The Los Angeles Kings’ dramatic playoff run, extended by Sunday night’s pulsating 5-4 overtime victory against the defending Stanley Cup champion Chicago Blackhawks, has been nothing short of epic.
Here are some facts worth highlighting:
Team Clutch: The Kings are the first team in NHL history to win three Game 7s en route to reaching the Stanley Cup Final. They also won Game 7s in the first round against San Jose [5-1] and second round against Anaheim [6-2]. Only two other teams in Stanley Cup Playoffs history have played the maximum 21 games through the opening three rounds: the 1993 Maple Leafs and 2002 Avalanche, who both lost in the Conference Finals. Only the 2011 Bruins have won three Game 7s in the same playoff year. The Kings, however, are the first to win three Game 7s on the road.
Elite company: When Alec Martinez scored 5:47 into overtime, he joined five others who have sent their teams to the Stanley Cup Final with overtime goals in Game 7. According to the Elias Sports Bureau, the others are the 1939 Bruins (Mel Hill), 1950 Red Wings (Leo Reise Jr.), 1968 Blues (Ron Schock), 1979 Canadiens (Yvon Lambert) and 1994 Rangers (Stephane Matteau). Of those five teams, four went on to win the Stanley Cup (lone exception: 1968 Blues).
Seven and seven: Kings forward Justin Williams picked up a goal and an assist in Game 7 against the Hawks, giving him seven goals and seven assists in seven career Game 7s, all of them victories. With his performance, Williams passed Doug Gilmour (13) for the most points in Game 7 history and also tied Glenn Anderson for the most goals in Game 7s. Marian Gaborik and Mike Richards are also a perfect 7-0 in career Game 7s.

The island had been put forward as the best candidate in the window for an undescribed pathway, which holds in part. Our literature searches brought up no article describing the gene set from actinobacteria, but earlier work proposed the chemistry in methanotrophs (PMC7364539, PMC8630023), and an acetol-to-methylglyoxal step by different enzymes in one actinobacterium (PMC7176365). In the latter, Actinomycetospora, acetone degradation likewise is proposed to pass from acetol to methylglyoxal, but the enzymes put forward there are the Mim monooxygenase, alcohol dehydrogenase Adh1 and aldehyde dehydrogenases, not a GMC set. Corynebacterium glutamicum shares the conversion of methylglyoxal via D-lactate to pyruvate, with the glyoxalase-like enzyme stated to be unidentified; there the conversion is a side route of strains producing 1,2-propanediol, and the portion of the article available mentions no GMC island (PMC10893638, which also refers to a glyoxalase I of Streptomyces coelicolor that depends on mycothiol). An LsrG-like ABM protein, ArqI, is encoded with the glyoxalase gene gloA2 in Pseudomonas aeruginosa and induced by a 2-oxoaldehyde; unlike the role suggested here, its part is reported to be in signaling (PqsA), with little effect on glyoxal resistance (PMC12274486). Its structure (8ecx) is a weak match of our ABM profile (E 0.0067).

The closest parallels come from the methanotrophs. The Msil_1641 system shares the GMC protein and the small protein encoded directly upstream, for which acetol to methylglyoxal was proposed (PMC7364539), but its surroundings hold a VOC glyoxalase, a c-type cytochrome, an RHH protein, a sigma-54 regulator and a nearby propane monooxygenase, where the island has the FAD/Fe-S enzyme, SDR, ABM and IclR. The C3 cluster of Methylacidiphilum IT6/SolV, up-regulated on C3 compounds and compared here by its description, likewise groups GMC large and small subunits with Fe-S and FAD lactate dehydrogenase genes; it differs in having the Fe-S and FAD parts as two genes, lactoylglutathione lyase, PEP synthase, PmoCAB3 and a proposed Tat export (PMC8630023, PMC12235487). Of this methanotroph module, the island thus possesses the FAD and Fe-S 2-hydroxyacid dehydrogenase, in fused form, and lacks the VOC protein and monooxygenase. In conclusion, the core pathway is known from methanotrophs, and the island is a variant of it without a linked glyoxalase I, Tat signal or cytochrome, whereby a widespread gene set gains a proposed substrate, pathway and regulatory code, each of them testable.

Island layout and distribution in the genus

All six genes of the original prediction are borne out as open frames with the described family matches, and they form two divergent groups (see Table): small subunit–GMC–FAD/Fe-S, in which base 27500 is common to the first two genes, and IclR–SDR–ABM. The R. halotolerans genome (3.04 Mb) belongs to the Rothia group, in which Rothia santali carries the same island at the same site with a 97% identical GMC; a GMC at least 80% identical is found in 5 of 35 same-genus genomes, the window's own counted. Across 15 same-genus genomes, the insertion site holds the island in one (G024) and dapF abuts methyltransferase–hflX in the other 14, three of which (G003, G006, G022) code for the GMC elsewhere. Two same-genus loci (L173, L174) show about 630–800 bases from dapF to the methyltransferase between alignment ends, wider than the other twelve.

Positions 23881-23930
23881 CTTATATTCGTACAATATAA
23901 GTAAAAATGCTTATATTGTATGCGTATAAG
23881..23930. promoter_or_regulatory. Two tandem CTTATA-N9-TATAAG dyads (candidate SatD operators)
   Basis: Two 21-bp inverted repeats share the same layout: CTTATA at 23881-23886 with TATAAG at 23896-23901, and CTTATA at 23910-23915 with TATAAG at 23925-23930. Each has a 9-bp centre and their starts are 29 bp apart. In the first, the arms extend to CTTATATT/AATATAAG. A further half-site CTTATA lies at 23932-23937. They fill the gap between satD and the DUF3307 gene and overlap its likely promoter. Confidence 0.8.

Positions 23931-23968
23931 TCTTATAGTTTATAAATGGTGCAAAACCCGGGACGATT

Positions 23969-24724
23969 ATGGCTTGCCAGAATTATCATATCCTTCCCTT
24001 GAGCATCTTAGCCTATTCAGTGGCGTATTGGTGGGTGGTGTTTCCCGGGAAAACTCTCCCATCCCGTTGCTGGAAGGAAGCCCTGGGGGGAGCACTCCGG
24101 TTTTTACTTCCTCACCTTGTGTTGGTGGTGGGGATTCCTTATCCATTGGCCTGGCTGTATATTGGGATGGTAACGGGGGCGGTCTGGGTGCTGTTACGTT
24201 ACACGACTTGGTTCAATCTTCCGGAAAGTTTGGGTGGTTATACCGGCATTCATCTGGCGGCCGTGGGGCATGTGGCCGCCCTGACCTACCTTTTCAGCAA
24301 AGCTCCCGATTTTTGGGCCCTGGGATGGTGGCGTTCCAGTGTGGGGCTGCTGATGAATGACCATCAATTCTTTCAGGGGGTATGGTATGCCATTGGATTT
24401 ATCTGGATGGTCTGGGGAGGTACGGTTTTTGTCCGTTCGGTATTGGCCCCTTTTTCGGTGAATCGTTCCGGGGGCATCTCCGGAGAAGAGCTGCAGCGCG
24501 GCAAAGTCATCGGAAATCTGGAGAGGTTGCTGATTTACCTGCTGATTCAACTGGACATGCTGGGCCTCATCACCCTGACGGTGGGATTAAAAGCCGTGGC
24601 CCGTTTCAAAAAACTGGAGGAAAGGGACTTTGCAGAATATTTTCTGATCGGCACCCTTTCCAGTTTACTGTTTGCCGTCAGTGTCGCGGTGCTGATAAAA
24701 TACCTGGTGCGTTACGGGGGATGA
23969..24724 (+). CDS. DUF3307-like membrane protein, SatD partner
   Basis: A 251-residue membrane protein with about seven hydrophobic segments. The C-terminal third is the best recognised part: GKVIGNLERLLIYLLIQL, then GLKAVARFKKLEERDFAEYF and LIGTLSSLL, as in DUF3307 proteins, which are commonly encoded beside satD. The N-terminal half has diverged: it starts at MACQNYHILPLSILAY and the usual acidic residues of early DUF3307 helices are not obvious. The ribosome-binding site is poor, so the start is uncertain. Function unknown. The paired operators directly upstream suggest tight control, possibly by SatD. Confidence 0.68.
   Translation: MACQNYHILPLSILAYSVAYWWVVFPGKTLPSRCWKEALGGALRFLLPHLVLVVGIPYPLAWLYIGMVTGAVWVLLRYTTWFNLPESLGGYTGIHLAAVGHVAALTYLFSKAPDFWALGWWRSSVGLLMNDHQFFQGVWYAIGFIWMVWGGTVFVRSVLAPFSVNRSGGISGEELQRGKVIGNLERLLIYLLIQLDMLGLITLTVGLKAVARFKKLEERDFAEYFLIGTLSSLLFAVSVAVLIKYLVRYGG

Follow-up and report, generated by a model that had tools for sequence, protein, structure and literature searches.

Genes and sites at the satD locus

When it counts: The Kings’ Marian Gaborik sent Sunday’s game into overtime with his league-leading 12th goal of the postseason [in his 21st game]. He had 11 goals in 41 regular season games, five of which came with the Kings following his acquisition at the trade deadline. Gaborik now is tied with Luc Robitaille (12 goals in 1991) for the second-most goals in one playoff year in Kings history. Only Wayne Gretzky (15 in 1993) has scored more goals for the Kings in a single postseason.
Long way to go: Kings forward Anze Kopitar has 24 points in 21 playoff games this spring and has been held without a point in consecutive games just once since Dec. 21, a span of 67 games. Kopitar has a long way to go to catch Wayne Gretzky, who set the Kings’ playoff record with 40 playoff points [15 goals, 25 assists] in 1993.
Quick draw: Jonathan Quick may have allowed four goals in Game 7, but he turned aside 33 of the 34 shots after the first period and is now a perfect 4-0 in Game 7s with a 2.00 GAA and .940 save percentage.
Look ahead: Beginning Wednesday night at 8 on NBC the Kings will face the Rangers in the 2014 Stanley Cup Final. The clubs have met twice before in the playoffs, with the Rangers winning both series: in the 1979 Preliminary Round (2-0) and 1981 Preliminary Round (3-1). In their six total postseason games, the Rangers have outscored the Kings 32-14.
Been there, done that: The Kings are making their third appearance in the Stanley Cup Final (1993, 2012). They are 1-1 all-time, with their lone championship coming in 2012. The Rangers are making their 11th appearance in the Stanley Cup Final (1928, 1929, 1932, 1933, 1937, 1940, 1950, 1972, 1979, 1994). They are 4-6 all-time, with their most recent championship coming in 1994.
Home ice disadvantage: The Kings will have home-ice advantage in the Stanley Cup Final for the first time in franchise history. They also will have home-ice advantage for just the second time overall since 1992 (23 total series). There now have been 23 total overtime games in the 2014 Stanley Cup Playoffs (26.1 percent). Road teams are 14-9 (.609) in those games.
New champion: There will be a new Stanley Cup champion for the 15th consecutive season. The last team to repeat were the Detroit Red Wings, who swept the Flyers in 1997 and the Capitals in 1998.